But just as easily as the presentation pulled me in, the gameplay pulled me back out. The game is only about two hours long, but even within that short time I got tired of most of the gameplay mechanics. Boss encounters are presented as puzzles, and the first minute or so, when the objective is figuring out said puzzle, it's interesting and engaging. But once you've figured it out, it just becomes a cycle of rinse and repeat, made worse by the extremely clunky combat mechanics. Because of this, the aforementioned dream sequences are where the game really shines. These segments are light on gameplay and heavy on atmosphere, and I was completely drawn in by most of them. One of them has a really annoying mechanic that makes you use lightning as a light source, and really halts the momentum, but for the most part they are extremely well done.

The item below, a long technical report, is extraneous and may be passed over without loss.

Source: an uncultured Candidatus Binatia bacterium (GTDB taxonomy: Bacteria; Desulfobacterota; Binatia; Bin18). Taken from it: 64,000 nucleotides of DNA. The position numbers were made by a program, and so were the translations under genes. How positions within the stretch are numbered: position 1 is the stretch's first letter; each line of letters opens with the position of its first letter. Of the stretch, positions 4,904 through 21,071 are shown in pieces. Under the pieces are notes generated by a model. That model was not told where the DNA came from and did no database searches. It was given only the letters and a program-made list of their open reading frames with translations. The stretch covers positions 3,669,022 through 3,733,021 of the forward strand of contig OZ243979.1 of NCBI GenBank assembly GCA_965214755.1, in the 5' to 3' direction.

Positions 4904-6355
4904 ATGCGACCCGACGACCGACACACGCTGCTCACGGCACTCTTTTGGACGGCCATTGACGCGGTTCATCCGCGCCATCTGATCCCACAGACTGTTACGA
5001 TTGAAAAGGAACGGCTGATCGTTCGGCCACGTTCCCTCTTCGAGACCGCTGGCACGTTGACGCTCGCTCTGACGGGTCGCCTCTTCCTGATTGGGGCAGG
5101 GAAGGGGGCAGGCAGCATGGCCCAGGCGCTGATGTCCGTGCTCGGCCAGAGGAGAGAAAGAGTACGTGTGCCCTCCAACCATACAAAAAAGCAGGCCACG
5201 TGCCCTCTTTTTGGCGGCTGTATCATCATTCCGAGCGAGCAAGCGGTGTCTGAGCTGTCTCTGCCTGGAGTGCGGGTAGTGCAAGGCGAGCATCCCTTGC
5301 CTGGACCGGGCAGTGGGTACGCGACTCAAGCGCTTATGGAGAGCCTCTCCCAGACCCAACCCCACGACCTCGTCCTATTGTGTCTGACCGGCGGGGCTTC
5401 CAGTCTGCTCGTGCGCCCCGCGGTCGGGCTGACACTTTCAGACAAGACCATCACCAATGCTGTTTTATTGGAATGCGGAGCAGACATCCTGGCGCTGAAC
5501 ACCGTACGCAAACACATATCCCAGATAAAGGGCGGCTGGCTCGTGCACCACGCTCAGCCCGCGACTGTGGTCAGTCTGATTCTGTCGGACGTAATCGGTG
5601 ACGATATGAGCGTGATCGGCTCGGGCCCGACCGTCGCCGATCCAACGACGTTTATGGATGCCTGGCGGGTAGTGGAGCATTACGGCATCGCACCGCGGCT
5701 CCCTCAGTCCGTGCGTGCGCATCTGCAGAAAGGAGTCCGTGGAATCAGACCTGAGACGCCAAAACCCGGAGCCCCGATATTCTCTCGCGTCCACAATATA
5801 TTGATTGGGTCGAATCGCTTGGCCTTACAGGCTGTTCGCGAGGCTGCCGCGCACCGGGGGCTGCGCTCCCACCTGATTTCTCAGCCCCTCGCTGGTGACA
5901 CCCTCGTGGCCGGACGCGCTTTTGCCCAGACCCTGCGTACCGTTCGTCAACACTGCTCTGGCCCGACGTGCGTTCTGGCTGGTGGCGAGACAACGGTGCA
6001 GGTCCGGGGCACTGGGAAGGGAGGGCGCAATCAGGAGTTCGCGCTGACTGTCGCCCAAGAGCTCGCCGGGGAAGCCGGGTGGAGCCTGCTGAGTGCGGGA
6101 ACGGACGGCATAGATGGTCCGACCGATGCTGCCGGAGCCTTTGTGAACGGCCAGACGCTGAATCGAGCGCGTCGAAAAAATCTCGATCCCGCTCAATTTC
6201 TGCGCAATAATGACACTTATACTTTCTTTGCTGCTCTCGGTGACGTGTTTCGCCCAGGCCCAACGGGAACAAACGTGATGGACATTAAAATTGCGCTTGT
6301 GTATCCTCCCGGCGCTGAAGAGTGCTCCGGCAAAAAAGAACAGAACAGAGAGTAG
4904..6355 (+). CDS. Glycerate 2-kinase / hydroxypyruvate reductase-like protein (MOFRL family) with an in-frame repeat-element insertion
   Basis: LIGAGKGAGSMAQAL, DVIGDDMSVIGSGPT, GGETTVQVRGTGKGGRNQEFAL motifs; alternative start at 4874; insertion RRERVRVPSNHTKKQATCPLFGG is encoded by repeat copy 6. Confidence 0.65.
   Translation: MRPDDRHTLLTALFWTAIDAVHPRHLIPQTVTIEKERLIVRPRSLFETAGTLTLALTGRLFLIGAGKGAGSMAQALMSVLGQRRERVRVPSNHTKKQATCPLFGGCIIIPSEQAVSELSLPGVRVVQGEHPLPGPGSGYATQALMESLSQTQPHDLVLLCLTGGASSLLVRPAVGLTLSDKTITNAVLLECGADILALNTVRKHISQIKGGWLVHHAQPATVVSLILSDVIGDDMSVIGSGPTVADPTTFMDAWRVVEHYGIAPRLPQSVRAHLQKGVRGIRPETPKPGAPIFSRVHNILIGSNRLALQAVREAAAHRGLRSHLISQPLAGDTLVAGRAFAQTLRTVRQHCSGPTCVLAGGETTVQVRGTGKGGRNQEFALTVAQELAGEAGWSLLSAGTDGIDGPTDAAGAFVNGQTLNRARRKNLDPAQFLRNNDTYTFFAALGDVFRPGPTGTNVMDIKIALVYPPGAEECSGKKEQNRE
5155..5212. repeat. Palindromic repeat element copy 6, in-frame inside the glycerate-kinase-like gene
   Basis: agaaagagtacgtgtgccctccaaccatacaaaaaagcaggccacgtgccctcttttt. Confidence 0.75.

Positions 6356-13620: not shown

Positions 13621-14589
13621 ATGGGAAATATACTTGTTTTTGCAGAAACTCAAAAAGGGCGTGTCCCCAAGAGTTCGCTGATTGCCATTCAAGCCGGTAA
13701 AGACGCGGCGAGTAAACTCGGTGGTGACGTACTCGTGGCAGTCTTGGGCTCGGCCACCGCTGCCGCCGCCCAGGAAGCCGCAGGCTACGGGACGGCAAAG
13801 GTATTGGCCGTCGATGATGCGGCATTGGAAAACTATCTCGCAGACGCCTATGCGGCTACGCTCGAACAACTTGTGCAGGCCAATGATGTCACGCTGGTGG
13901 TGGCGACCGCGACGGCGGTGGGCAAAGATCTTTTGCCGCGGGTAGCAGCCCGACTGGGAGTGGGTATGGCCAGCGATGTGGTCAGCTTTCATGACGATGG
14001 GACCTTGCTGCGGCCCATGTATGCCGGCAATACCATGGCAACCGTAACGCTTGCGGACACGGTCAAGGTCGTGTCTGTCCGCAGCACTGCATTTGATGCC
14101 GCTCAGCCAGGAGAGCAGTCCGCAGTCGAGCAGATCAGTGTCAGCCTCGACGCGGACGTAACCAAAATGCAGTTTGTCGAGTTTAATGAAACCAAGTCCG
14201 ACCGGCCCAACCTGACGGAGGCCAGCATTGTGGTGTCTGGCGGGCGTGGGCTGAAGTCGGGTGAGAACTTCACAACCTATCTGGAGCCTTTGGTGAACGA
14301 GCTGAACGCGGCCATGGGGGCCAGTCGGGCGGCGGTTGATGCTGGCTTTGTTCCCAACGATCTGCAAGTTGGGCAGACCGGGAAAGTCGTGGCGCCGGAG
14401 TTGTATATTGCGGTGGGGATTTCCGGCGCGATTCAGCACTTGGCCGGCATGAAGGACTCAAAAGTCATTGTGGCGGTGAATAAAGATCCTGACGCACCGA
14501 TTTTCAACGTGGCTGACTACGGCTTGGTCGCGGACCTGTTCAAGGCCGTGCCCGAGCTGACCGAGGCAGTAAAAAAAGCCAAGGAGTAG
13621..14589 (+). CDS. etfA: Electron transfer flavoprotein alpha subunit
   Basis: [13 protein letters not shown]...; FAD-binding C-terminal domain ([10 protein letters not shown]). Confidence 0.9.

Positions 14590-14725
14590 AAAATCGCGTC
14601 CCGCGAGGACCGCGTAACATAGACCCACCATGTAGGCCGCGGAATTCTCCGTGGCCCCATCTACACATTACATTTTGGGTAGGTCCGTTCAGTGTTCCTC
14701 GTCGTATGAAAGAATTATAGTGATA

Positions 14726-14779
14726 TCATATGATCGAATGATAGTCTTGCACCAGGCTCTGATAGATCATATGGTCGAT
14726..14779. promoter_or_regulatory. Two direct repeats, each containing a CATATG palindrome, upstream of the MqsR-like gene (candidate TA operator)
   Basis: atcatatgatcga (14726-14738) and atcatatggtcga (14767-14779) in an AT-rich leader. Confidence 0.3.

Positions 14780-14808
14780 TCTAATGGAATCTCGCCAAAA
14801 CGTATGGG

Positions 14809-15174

Toren also seems to be undecided on whether or not it wants to show you things, or tell you things. Your path will be illuminated by camera angles showing you where you need to go, and I really appreciate the show-don't-tell philosophy it takes with some of its gameplay. The story, however, is a mixed bag in this way. Some of it is told through imagery, with changing seasons and your character growing older, but a significant chunk of it is told through text. That's not an actual problem, but I would have preferred it to be told through the environment and gameplay. I think that would have fit the tone of the game a little more. It's also worth noting that the story doesn't make a huge amount of sense, at least after one or two playthroughs of the game. The end credits give a little more insight into the meaning, but the way I understood it actually made it all seem a little heavy-handed and overly philosophical. It's just as possible that I misunderstood, though, so your mileage may vary.